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The release of Joy James's highly anticipated text, In Pursuit of Revolutionary Love; Precarity, Power, and Communities, offers a unique and rare approach toward the long-standing debate of theory versus praxis. This debate is a source of division between theorists and/or academics (who imagine themselves as insurgents) and non-academic community organizers (who imagine themselves as the heartbeats of revolutionary struggle). The argument against theory on behalf of praxis seeks to interrogate how "academic" assertions can reconcile themselves to the material or tangible realities of "lived experiences." 

However, I remain skeptical regarding our capacity to reconcile this debate—not simply because academics are parasitic upon narratives of Black suffering, but also because there remains a general disavowal amongst political subjects and movements regarding the legitimacy of the abstractions that theory seeks to contend with. 

Theory and theorists have been accused of being removed from "on-the-ground" struggles while on-the-ground organizers fight to reconcile themselves to an abstraction of freedom. While theorists—a position not always coterminous with academics, which functions as a very specific occupation within an antiblack capitalistic structure—are accused of being far removed from community, community struggles remain in pursuit of a symbolic imagined future, or in the case of James, revolution.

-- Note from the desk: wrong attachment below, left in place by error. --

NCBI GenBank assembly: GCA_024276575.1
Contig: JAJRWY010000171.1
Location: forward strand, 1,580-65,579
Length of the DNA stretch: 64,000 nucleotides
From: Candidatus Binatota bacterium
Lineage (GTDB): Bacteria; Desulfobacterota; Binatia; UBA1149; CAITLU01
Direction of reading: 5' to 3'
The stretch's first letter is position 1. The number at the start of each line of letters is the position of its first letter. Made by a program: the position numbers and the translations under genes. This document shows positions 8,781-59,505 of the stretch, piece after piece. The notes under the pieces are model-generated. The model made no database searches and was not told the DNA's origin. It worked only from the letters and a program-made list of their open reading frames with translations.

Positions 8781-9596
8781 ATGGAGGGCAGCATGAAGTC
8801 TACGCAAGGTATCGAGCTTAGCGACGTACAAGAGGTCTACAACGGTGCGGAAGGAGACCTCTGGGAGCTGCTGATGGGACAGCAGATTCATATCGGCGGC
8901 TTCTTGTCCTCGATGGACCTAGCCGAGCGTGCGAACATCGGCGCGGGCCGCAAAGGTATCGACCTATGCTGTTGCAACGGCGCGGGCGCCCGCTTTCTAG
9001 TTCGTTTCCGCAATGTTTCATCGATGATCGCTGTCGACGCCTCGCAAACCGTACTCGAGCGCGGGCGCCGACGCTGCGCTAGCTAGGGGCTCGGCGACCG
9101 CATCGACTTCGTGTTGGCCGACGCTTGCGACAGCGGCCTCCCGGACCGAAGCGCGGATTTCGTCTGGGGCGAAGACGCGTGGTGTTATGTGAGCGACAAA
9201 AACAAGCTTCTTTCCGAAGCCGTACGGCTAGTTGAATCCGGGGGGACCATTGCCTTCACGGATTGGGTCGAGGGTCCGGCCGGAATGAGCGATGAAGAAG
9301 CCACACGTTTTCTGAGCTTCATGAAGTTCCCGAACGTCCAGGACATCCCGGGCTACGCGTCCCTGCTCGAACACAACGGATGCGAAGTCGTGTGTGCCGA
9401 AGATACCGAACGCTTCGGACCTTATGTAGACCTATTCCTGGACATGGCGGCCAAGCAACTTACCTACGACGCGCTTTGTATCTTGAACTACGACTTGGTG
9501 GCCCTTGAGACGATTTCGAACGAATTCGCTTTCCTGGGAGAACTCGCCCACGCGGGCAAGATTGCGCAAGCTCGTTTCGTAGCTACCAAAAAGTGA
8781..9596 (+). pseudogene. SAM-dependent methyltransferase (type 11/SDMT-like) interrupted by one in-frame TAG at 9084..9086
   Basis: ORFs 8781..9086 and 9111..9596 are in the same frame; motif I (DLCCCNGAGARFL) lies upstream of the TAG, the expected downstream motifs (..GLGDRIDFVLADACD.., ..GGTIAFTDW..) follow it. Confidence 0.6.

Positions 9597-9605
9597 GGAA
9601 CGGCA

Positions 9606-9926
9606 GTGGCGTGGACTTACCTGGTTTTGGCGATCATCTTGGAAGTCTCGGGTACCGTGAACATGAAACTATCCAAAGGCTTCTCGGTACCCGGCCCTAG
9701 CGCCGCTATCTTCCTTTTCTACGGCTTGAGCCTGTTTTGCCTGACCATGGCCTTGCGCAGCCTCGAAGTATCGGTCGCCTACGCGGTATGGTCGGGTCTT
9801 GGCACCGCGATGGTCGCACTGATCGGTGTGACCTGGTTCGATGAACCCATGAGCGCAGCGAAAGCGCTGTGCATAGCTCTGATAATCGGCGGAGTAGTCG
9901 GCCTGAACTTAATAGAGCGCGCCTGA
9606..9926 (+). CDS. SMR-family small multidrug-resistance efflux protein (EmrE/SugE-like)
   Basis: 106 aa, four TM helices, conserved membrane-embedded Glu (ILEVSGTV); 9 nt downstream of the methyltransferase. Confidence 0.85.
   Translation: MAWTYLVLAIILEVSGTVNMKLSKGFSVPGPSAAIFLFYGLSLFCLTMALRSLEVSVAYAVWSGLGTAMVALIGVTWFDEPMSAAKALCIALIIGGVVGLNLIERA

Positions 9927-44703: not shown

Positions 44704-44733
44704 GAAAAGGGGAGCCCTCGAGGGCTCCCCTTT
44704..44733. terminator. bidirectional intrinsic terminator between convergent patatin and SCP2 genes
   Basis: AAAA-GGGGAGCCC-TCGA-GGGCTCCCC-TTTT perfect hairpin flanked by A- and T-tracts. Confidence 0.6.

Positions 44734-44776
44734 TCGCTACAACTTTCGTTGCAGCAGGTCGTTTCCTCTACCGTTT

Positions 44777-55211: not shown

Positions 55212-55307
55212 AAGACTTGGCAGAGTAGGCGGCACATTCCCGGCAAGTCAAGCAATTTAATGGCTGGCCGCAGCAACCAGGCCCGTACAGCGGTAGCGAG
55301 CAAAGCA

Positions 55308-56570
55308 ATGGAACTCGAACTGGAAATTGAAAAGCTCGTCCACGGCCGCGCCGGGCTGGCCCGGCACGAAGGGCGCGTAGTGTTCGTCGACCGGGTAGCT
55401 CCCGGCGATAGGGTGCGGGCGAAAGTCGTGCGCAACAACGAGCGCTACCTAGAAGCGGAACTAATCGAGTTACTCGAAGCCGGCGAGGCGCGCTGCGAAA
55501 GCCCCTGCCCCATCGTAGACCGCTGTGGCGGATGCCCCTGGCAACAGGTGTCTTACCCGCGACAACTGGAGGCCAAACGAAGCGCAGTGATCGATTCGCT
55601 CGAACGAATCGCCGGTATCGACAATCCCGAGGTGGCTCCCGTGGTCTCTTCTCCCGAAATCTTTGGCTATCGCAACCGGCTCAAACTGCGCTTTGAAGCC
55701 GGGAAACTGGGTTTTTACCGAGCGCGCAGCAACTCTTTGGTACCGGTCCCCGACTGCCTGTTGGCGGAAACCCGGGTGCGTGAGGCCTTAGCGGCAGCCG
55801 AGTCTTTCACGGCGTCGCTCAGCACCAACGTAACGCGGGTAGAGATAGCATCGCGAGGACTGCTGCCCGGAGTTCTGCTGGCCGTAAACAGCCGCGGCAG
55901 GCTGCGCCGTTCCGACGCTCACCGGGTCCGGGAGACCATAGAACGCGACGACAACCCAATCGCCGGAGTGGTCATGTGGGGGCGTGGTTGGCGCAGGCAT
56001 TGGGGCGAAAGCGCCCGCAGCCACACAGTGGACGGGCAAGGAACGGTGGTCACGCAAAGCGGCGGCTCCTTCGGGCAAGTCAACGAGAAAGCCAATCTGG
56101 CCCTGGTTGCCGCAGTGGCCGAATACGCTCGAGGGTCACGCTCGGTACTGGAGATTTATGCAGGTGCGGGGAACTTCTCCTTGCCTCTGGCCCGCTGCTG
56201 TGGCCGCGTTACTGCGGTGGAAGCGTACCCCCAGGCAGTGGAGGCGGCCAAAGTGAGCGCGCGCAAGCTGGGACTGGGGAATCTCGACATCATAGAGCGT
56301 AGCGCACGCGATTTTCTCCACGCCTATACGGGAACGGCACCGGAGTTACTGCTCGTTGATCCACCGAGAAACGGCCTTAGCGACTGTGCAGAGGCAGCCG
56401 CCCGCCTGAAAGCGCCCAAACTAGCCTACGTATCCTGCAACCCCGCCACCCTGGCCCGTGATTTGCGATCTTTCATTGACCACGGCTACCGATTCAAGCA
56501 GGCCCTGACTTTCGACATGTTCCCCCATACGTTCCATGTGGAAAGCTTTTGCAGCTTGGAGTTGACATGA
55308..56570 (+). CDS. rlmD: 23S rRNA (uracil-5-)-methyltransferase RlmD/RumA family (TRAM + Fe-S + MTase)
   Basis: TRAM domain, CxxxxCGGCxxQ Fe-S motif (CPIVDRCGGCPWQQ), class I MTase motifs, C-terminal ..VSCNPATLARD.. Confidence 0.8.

Captive Maternals, who bear the burden of praxis, are still not convinced that revolution is the only answer to their freedom dreams.

Praxis demands an answer for all of theories' assertions, but theory cannot deliver a praxis for all its assertions, as it remains in pursuit of an impossible ideal. As such, theory cannot align with praxis. This long-standing impasse has thwarted many of our capacities to think about the terrain of struggle and its impact on quotidian life, forcing us to "do something" about this ethical imperative to make theory align with praxis. 

In James's text, she makes a subversive attempt to reclaim revolutionary struggle from the academy and deliver it back to communities—who James refers to as Captive Maternals, who practice Revolutionary Love. Her pedagogical move takes theory outside of the academic enterprise and instead puts it in the hearts and lives of "the collective" to explore what is at stake for a revolution (theory) that is saturated in Revolutionary Love (praxis). This call for Revolutionary Love as praxis begs us to live the deep implications of our theoretical assertions regarding revolution—to give the words and ideas flesh, meat, and bone. But revolution in theory is having a hard time conceding to a praxis of Revolutionary Love that can adequately respond or give form to the stakes at hand—hence the title's emphasis on the term "pursuit." James states, "The contributors to this book cannot fully define Revolutionary Love; yet we Pursue it. When we retreat from searching for it, we stagnate and stumble."

Pursuit reminds us once again that not only that there remains no consensus on how to respond to the predatory formations of the antiblack empire, but also little desire amongst Captive Maternals to embrace what James refers to as the "political will" of revolution. Put succinctly, Captive Maternals, who bear the burden of praxis, are still not convinced that revolution is the only answer to their freedom dreams.